I have to laugh when my iTouch auto-corrects “boda” (Spanish for “wedding”) to “bodacious” (80′s American for “awesome”) .. my various bits of technology cannot keep up with my code-switching.
This wedding was an adventure from the get go. Three important facts to start: 1) not my wedding; 2) not in the country in which I currently reside; 3) invitation received via Facebook on April 26 for wedding June 16 (yes, same year).
So what do you do when your host sister says “I really want you here to share my day.. in 6 weeks?” You buy a plane ticket, of course. Forget the fact that it’s summer, high-season, hot, wildly expensive and on very short notice. Buy the plane ticket! And that’s what I did.
It was to be my first Spanish wedding, and after all the hype I’d seen surrounding other events like this one en la patria (see: Fatima’s First Communion), I started asking questions. Luckily, I have several friends who a) are dating Spaniards, b) are married to Spaniards, c) have attended Spanish weddings. Everything from some of the most basic advice on what to wear (evening wedding long dress no hairpiece); on what to give (pay for your plate); on what to expect (at least 8 hours of your time).
In what can only be defined as Typical Spanish – I did not actually have confirmation of wedding details until the night before. You know, when I met up with the bride for a beer and some tapas. The night before. Before her wedding. It is a true testament to the Spanish that they can maintain the “no pasa nada” attitude in all things, at all times. This must have brushed off on me over the years because I booked a ticket and boarded a plane without these precious details. Americana / Andaluza, ya sabes.
During my whirlwind weekend, here are some of the differences I noticed between American & Spanish weddings:
* no rehearsal dinner – as evidenced by the bride’s availability within 24 hours of her walking down the aisle.
* old, new, borrowed & blue – also holds true in Spain. This discovery after a panicked conversation with the bride the night before.
* Catholic mass, yes. Wrote their own vows. Dad walked her down the aisle (looking super guapo in his tux, I think).
* conspicuously absent: “you may now kiss the bride” – in fact he kissed her on the cheek when she arrived.
* also missing: “I now pronounce you man & wife” – family photos commenced almost immediately afterward, leaving the Americans in the audience waiting for the return walk down the aisle that never happened.
* no bridal party – bride’s choice. As Kaley recently lamented, this also eliminates the need for choosing a color and coordinating all of your decorations.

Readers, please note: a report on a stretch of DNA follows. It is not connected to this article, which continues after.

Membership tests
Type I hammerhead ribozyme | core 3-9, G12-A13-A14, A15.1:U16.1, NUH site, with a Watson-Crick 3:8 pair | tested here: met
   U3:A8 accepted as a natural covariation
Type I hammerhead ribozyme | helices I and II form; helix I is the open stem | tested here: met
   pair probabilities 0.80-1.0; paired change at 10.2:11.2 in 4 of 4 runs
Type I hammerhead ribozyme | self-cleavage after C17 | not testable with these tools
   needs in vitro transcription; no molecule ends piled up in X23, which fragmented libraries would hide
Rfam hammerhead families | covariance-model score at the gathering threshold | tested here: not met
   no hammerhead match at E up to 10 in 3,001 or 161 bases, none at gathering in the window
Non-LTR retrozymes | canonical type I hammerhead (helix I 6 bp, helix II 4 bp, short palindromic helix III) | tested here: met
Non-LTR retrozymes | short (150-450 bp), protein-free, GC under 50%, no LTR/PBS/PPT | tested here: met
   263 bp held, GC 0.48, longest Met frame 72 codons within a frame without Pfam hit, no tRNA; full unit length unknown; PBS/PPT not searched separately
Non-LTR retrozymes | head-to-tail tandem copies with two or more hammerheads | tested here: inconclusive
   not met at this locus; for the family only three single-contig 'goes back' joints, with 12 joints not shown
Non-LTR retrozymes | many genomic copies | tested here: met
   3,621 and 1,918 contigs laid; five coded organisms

* exchange of coins, and rings – coins are a nice touch; “I will love you even if we go broke in this economy.” It should also be noted that the ring goes on the right hand in Spain – a point of contention for many Americanas.
* no father / daughter dance – which is a shame because Juan would have been a hit on the dance floor.
* no tapping of the glasses to get the couple to smooch – instead some yells: viva los novios! and the response is: viva! Yes, this is a mixture of “long live the Queen” and “go team” which is pretty appropriate for matrimony.
* gifts to guests – handed out, instead of favors on the tables (olive oil for the men, fans for the women).
* four hour meal, several courses – LONG dinner.
* cut the cake with a sword (!) – I’m told this is seriously old school, but it happened.
* no garter toss – bouquet did go, to a particularly aggressive friend in the front.
* pictures of tables – similar to theme park photos, smile pretty and buy this from us later! Which is why we’re taking a photo of the photo.
* videographer – and I don’t mean, let’s get this documented for future generations. I mean, let’s get this on the 5 o’clock news. For reference, see the cake-cutting photo.
* package deal – most weddings I’ve been to involve the church bit and the reception bit, it’s not so much a pick and choose. Well at the church there were approximately 50 people. At the reception there were 200, and that’s what we call priorities.
* rose petals & rice – the tradition of throwing things at the happy couple continues.
Total time clocked at the wedding? About 12 hours. I walked home (in flats) at the end of the night, or the beginning of the following day, at 5 a.m. Anything in the name of love, right?